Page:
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“The Function of a Nail: An Examination of Three 18th- and 19th-century Eastern Pequot Reservation."

You (TRIBAL MEMBERS ONLY) are invited to join us for a virtual Master’s thesis defense of Historical Archaeology student, Salvatore Ciccone, on Friday November 18, 2022, at 12:00 pm (EDT).  Zoom link follows in yellow.  Please see below for the title and abstract of this upcoming thesis defense.


We apologize for the late notice as we just recieved this notice. Please join if you can.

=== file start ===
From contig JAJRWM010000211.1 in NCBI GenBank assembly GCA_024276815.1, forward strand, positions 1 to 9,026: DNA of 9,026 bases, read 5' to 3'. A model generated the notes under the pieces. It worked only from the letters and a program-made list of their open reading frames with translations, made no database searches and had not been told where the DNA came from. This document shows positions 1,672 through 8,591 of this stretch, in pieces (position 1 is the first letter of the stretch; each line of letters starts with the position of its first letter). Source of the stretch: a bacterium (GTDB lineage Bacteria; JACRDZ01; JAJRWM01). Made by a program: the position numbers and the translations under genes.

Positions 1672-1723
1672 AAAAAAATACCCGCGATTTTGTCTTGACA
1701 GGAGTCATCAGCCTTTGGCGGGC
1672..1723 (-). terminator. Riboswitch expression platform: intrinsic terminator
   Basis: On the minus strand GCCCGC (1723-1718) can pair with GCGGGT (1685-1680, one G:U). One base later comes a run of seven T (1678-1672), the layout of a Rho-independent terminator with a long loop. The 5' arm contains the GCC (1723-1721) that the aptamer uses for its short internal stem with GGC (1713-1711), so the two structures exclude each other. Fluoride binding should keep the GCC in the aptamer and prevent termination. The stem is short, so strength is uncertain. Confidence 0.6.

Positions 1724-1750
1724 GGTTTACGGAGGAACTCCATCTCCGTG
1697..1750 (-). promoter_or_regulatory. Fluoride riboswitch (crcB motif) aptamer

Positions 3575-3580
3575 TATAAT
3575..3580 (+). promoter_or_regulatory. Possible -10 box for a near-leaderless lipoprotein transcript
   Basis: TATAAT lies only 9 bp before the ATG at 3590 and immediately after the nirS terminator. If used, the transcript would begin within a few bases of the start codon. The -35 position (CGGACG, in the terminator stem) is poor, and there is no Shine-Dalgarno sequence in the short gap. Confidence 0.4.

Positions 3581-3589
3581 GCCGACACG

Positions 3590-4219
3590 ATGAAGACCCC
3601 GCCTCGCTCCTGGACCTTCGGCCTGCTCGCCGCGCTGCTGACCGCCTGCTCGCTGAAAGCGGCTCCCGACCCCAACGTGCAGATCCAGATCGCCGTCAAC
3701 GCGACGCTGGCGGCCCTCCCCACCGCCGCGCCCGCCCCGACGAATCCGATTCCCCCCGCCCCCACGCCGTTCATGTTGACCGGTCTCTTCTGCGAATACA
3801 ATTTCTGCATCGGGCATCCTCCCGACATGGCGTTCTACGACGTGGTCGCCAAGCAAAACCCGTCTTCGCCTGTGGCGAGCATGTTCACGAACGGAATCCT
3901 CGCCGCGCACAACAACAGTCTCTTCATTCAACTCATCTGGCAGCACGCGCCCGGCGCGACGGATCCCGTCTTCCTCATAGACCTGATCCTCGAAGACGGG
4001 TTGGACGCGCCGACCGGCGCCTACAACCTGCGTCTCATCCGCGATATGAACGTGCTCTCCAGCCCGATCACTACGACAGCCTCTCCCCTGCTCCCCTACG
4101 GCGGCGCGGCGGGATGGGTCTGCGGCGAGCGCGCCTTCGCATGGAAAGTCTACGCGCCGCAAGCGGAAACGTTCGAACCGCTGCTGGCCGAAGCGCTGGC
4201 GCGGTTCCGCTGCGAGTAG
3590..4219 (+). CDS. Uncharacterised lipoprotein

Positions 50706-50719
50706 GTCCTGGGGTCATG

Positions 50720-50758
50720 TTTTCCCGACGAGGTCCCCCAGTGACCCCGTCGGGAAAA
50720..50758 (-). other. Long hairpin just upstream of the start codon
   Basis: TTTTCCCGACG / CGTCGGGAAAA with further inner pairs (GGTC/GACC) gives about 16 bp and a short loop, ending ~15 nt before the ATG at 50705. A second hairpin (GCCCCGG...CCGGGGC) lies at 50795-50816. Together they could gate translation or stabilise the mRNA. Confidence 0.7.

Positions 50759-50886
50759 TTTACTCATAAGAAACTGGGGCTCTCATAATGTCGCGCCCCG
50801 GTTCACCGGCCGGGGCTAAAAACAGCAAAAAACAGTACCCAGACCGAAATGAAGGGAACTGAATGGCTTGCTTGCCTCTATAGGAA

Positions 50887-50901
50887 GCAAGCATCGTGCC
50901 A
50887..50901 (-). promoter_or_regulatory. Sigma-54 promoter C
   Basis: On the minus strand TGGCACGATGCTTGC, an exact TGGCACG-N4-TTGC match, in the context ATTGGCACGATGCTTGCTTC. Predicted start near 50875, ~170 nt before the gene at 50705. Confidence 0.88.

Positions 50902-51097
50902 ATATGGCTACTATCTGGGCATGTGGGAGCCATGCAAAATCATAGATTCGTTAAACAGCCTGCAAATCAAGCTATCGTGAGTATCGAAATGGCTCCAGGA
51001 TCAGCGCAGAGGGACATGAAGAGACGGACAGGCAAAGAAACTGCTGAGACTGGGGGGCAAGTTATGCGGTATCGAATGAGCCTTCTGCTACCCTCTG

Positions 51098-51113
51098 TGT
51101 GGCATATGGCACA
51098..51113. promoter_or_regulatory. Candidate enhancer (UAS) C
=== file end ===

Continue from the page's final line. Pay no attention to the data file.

This thesis examines three indigenous households excavated on the Eastern Pequot reservation in North Stonington, Connecticut. Architectural artifact and spatial analyses, combined with historical documents, are utilized to understand reservation building practices of Native Americans navigating colonialism in the 18th and 19th century. The homes are small in design with at least one window, and one stone chimney each. They all possessed cellars, but not all are stone-lined. Nails and window glass serve as the primary artifact classes, with an emphasis on their manufacture and modification. Examining nail and glass type, quantity, modification, and location facilitates discussion on the forms Eastern Pequot homes took, and how they entered the archaeological record. Furthermore, historical records combined with archaeological evidence suggest repairs were made to the homes or materials recycled from them. Documents highlight the relationship between the overseer and tribal members on the reservation, and suggest overseers played an active role in Eastern Pequot home maintenance. Analyses results indicate when these homes entered the archaeological record, they were intentionally demolished. This historical and material evidence offers insight on Eastern Pequot strategies to navigating reservation life during colonialism of the 18th and 19th century.







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